Quantifying uncertainty in transdimensional Markov chain Monte Carlo using discrete Markov models

Heck, Daniel W. ; Overstall, Antony M. ; Gronau, Quentin F. ; Wagenmakers, Eric-Jan

DOI: https://doi.org/10.1007/s11222-018-9828-0
URL: https://link.springer.com/article/10.1007/s11222-0...
Additional URL: https://arxiv.org/abs/1703.10364
Document Type: Article
Year of publication: 2019
The title of a journal, publication series: Statistics and Computing : SC
Volume: 29
Issue number: 4
Page range: 631-643
Place of publication: Dordrecht [u.a.]
Publishing house: Springer Science + Business Media
ISSN: 0960-3174 , 1573-1375
Related URLs:
Publication language: English
Institution: School of Social Sciences > Kognitive Psychologie u. Differentielle Psychologie (Erdfelder)
Außerfakultäre Einrichtungen > Graduate School of Economic and Social Sciences- CDSS (Social Sciences)
Subject: 150 Psychology
Keywords (English): Reversible jump MCMC , Product space MCMC , Bayesian model selection , Posterior model probabilities , Bayes factor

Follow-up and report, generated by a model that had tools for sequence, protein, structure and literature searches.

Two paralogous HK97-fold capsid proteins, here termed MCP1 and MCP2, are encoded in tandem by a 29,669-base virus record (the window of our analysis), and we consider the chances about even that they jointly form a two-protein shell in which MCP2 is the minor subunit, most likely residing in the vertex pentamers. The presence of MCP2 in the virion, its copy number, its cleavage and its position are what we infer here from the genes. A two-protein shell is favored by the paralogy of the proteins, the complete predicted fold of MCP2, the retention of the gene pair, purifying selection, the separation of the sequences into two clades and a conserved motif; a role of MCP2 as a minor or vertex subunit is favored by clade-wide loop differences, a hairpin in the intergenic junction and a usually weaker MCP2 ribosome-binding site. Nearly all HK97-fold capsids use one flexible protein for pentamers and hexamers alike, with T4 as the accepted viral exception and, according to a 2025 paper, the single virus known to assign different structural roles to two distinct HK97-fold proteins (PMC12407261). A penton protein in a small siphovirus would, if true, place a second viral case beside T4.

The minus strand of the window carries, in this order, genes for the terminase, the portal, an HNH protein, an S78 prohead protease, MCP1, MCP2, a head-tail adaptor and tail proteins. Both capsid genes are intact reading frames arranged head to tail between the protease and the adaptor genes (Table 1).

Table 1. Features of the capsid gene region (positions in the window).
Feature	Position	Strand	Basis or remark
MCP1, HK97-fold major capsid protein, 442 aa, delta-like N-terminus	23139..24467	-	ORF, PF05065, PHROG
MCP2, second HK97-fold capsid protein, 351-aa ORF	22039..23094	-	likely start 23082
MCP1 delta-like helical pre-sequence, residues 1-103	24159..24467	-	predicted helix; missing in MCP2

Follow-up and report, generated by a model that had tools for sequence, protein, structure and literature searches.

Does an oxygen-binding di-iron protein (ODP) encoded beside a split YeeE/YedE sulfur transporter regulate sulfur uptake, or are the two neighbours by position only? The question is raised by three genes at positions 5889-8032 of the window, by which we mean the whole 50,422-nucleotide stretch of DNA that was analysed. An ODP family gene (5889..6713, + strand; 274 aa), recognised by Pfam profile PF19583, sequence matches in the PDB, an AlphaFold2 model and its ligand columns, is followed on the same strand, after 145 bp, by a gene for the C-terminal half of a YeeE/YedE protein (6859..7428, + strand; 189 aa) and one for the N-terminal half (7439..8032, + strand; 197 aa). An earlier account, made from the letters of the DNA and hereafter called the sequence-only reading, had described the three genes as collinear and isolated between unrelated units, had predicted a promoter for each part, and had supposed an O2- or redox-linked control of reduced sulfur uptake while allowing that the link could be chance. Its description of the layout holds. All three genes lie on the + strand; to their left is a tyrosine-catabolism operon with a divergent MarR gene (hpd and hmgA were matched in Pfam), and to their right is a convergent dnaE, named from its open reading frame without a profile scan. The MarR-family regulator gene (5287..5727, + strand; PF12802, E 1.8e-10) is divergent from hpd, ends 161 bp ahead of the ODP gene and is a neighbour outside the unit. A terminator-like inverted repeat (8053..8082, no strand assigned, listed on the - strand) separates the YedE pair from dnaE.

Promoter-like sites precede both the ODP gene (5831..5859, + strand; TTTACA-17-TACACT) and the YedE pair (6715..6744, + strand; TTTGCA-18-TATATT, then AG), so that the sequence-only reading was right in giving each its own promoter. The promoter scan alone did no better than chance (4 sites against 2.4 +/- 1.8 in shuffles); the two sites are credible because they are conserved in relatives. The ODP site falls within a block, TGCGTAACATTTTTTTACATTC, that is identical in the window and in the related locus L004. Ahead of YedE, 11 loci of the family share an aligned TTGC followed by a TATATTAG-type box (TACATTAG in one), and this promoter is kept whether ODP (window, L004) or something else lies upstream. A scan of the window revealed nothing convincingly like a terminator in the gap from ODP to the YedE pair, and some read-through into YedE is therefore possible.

Abstract: Bayesian analysis often concerns an evaluation of models with different dimensionality as is necessary in, for example, model selection or mixture models. To facilitate this evaluation, transdimensional Markov chain Monte Carlo (MCMC) relies on sampling a discrete indexing variable to estimate the posterior model probabilities. However, little attention has been paid to the precision of these estimates. If only few switches occur between the models in the transdimensional MCMC output, precision may be low and assessment based on the assumption of independent samples misleading. Here, we propose a new method to estimate the precision based on the observed transition matrix of the model-indexing variable. Assuming a first-order Markov model, the method samples from the posterior of the stationary distribution. This allows assessment of the uncertainty in the estimated posterior model probabilities, model ranks, and Bayes factors. Moreover, the method provides an estimate for the effective sample size of the MCMC output. In two model selection examples, we show that the proposed approach provides a good assessment of the uncertainty associated with the estimated posterior model probabilities.

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